Stopping As Success: Transitioning to Locally Led Development
Stopping As Success
Stopping As Success: Transitioning to Locally Led Development (SAS) is a USAID-funded research project that will look at responsible transition strategies of INGOs. The research consortium consists of Peace Direct, Search for Common Ground and CDA Collaborative Learning Projects.
The research findings aim to influence attitudes especially for transitions to be seen as a success because sustainable outcomes have been achieved or because continued intervention may only serve to distort local efforts.
The SAS consoritum has conducted twenty cases of transitions over the last two years. These cases represent different types and levels of transitions and exits, including the phasing out, phasing over and complete cutting off of development projects.
The research will examine examples of current and past transition strategies to draw on lessons learned from successes and failures. In particular, the research approach will include intentional prioritisation and inclusion of local researchers and local asset organisations to best inform learning about the impacts of closing out development projects and programmes.
In April 2019, SAS started its third and final year of the project which primarily focuses on tool and resource development and influencing towards locally-led development. Stay connected to the ongoing work by signing up for updates here: http://www.stoppingassuccess.org/register-your-interest/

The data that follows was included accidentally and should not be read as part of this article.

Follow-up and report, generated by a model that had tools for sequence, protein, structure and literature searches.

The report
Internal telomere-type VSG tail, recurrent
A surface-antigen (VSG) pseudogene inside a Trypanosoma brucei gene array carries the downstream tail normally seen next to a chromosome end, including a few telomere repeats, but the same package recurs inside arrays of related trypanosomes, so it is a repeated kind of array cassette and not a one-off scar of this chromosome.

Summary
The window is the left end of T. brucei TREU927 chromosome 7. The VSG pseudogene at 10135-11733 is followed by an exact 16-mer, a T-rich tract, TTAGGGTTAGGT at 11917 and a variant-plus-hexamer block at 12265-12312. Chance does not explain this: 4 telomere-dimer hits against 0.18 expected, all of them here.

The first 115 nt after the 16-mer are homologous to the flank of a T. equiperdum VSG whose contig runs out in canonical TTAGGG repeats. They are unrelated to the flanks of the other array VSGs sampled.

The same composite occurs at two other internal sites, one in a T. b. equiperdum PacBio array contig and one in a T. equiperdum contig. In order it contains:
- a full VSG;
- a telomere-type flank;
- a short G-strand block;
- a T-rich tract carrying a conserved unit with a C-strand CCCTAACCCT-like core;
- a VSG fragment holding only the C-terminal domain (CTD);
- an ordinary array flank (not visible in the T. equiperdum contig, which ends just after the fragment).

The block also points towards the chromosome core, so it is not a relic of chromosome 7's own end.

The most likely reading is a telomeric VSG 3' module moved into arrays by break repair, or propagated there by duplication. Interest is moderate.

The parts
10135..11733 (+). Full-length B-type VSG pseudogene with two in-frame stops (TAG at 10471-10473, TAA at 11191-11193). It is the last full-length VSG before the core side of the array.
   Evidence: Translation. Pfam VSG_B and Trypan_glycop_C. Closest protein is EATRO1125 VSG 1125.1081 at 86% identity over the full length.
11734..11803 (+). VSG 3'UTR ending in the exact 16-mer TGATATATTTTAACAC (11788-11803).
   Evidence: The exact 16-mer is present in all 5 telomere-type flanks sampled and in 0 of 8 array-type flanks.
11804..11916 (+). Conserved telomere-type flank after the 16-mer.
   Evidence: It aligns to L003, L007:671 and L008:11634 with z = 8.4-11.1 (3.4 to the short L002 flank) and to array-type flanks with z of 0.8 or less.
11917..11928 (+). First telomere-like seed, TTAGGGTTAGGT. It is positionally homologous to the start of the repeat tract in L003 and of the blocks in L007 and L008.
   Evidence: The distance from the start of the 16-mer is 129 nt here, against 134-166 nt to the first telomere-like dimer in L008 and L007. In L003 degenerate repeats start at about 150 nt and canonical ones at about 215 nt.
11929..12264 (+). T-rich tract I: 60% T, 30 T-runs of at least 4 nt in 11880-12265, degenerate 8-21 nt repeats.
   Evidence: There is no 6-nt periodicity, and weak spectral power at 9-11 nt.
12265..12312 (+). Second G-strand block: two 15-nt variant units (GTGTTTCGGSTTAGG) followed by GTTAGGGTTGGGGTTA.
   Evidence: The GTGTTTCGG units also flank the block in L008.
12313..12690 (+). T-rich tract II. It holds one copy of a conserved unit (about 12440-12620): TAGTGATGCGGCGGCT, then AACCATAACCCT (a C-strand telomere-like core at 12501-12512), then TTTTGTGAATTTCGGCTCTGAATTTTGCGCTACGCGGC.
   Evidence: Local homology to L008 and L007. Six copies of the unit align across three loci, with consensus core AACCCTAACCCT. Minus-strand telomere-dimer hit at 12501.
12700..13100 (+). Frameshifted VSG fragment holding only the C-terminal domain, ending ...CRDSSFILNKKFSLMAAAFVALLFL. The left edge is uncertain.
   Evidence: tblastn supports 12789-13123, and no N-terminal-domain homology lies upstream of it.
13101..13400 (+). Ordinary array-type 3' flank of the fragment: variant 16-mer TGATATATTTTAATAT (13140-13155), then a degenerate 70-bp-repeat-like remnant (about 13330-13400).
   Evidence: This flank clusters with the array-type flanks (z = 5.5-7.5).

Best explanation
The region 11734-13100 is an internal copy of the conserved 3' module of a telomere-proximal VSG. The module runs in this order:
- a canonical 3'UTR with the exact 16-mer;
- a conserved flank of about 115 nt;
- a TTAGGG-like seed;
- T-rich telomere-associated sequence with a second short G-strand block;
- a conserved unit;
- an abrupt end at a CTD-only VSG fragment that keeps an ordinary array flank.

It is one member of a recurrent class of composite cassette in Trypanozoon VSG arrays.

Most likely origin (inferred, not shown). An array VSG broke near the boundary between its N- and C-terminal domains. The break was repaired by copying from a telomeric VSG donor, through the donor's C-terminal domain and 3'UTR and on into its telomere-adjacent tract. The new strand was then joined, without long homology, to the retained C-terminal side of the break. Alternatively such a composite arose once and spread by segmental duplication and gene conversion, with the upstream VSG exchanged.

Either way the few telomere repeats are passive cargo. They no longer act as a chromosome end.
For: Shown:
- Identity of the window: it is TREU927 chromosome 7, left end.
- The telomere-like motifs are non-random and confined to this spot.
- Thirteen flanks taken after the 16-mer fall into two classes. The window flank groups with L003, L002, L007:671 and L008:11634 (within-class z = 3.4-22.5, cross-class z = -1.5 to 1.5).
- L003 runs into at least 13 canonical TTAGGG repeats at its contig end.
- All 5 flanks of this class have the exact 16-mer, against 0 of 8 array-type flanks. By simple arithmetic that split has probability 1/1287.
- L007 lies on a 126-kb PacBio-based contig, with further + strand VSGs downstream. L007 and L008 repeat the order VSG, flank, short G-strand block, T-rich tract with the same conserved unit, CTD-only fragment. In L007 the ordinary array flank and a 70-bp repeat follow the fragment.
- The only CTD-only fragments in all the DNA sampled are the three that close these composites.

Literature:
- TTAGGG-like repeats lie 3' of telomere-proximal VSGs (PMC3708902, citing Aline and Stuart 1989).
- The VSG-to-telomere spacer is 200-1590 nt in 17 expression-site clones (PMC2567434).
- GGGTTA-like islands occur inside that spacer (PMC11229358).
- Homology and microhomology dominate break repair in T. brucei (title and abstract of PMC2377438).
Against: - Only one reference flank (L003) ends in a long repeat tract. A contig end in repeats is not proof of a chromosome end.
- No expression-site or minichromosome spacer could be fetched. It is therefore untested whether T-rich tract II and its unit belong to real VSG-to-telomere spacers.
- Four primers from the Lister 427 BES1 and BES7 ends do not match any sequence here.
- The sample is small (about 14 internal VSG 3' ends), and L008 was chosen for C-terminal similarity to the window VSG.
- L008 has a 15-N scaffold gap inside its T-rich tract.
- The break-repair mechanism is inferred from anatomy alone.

“Incentives for aid providers to work themselves out of a job — to support people so that they do not need external help (though not all needs may be met) — fade in relation to incentives to survive, grow, and continue to deliver.” – Time to Listen
Why Stopping As Success Matters
CDA’s book Time to Listen: Hearing People on the Receiving End of International Aid critiques the externally driven aid system and calls for a shift to a collaborative aid model where the aid sector gradually diminishes its role and dominance:
Listen to the voices of local development actors and CSOs featured in the book:
“The [international] intervention to restore law and order after the violence took the steam out of domestic efforts to do things. Support for civil society weakened because people felt they didn’t have to do it now. Everyone is glad that happened, but there was a downside to it because it took the stuffing out of homegrown attempts to deal with the insurgency and we are still trying to get over this.”Consultant
“If funding will be discontinued, donors should inform you early so you can plan for it. Otherwise the people are upset. Organizations should have an exit strategy and give one year’s notice.”A Palestinian NGO director
“Exit and phase out strategies need to be discussed with local government and other relevant organizations from the start. It should be part of the capacity building process for local government units to plan for sustainability.”A local NGO program director